Apple's rumored larger, enterprise-friendly iPads may not arrive until this fall

According to a new rumor, the launch of a potential upcoming 12.9-inch iPad has been pushed back. Jordan Golson explains.

Apple iPad

Rumors of an iPad with a larger screen -- said to be 12.9-inches diagonally -- have been circulating for months now. According to news reports, citing "people with knowledge of the matter" or something similar, the new iPad could see production begin as soon as this quarter.

Now, Bloomberg is reporting that Apple has pushed back the launch of the new device, nicknamed the iPad Pro by some, until this fall because of supply problems with new display panels.

"Production of the 12.9-inch-screen iPad is now scheduled to start around September because of delays involving the supply of display panels, said one of the people, who asked not to be identified because the details aren't public. Apple had initially planned to begin making the larger version this quarter, people familiar with those plans had said."

Meant to pair with the 9.7-inch iPad Air and the 7.9-inch iPad mini, the iPad Pro could see demand from creative types as well as enterprise employees who might use the device as a laptop replacement. There were even rumors of an official Apple stylus, something the company largely pioneered back in the day with the Newton, but which has been largely ignored in the iOS era.

A report from The Wall Street Journal claims that Apple is even considering adding USB 3.0 ports to the device to speed up the transfer of data, something the company has yet to do with the current iPad lineup. Also in the works is technology to speed up the iPad charging process, though the paper notes that Apple could "opt not to proceed with some of the features when it starts mass producing the device."

Some pundits have suggested that this "delay" is some sort of failure on Apple's part, which is nonsense. It's impossible for n product to be "late" when it has never even been acknowledged to exist. Internal roadmaps and timelines change constantly, which is why they are internal. Just because someone in a position to know future plans spilled the beans to a reporter doesn't make them gospel, just like how rumors of features in future OS X or iOS aren't set in stone either.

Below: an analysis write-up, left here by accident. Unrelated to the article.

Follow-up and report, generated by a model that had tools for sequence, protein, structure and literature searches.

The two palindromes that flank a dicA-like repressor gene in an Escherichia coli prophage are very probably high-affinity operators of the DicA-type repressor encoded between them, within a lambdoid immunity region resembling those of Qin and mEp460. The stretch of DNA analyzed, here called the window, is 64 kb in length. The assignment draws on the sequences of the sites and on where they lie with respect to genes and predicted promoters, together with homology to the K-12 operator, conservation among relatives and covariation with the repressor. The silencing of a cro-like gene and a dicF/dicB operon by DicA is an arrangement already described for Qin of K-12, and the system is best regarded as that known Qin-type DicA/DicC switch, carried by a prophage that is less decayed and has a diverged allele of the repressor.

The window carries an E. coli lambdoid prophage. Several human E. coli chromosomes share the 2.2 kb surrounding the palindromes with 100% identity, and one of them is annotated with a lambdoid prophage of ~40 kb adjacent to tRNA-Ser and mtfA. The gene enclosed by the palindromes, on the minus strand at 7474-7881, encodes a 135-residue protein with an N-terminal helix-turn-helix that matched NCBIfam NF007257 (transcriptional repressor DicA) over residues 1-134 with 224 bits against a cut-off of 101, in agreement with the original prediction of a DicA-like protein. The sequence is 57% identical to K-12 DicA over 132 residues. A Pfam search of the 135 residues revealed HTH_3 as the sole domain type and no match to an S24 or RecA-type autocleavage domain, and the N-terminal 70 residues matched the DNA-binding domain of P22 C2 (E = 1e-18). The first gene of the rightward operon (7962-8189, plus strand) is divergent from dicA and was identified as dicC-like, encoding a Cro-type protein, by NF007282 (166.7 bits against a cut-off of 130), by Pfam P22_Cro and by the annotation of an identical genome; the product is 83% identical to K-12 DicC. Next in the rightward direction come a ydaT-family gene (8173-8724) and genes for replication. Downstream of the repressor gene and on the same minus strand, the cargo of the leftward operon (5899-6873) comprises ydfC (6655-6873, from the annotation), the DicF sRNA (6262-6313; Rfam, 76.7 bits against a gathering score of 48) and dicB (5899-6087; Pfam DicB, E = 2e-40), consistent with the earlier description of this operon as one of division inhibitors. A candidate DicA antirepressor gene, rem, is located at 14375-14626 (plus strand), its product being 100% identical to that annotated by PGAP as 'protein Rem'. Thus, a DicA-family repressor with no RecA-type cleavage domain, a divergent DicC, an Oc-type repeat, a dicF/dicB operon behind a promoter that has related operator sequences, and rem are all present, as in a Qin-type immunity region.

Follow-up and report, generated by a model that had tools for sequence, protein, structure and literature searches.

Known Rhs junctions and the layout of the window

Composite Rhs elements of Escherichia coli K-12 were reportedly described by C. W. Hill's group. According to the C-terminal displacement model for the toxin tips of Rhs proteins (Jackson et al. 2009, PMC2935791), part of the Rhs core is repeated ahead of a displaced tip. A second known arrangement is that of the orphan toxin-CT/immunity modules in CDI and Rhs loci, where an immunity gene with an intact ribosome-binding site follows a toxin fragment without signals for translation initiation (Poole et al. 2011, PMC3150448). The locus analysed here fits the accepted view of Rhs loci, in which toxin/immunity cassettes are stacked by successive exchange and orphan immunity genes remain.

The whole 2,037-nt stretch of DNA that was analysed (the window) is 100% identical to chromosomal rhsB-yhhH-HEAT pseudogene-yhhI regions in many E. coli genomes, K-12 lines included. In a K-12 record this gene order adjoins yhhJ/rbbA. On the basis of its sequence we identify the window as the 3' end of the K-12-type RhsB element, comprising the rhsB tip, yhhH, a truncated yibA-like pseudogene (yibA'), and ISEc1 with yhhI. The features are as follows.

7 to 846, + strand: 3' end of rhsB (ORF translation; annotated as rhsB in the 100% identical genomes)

Almost all companies regularly set internal goals and timelines, building time in for mistakes and rework. Even more common is to push back the public debut or launch of a product because it isn't quite ready.

A "delay" of an announced product, which has happened before to Apple, is a much bigger deal and shows a larger failure of the product pipeline. The iPhone was in the works for years before it was ever shown to the world, and it surely faced some hiccups in the original launch timeline. The use of the word "delay" to describe the pushing of the launch of an unannounced product is certainly semantics, but it's significant nonetheless because it scribes fault where there is none. Instead, the company is being responsible and not launching a new product before it's ready.

We'll see when Apple will have this new device ready, if it ever launches, but current timelines (which are subject to change) could have it launching just ahead of the holiday season during the standard iPad refresh window.

Are you interested in an iPad with a bigger screen, regardless of when it launches? Let us know in the comments below.

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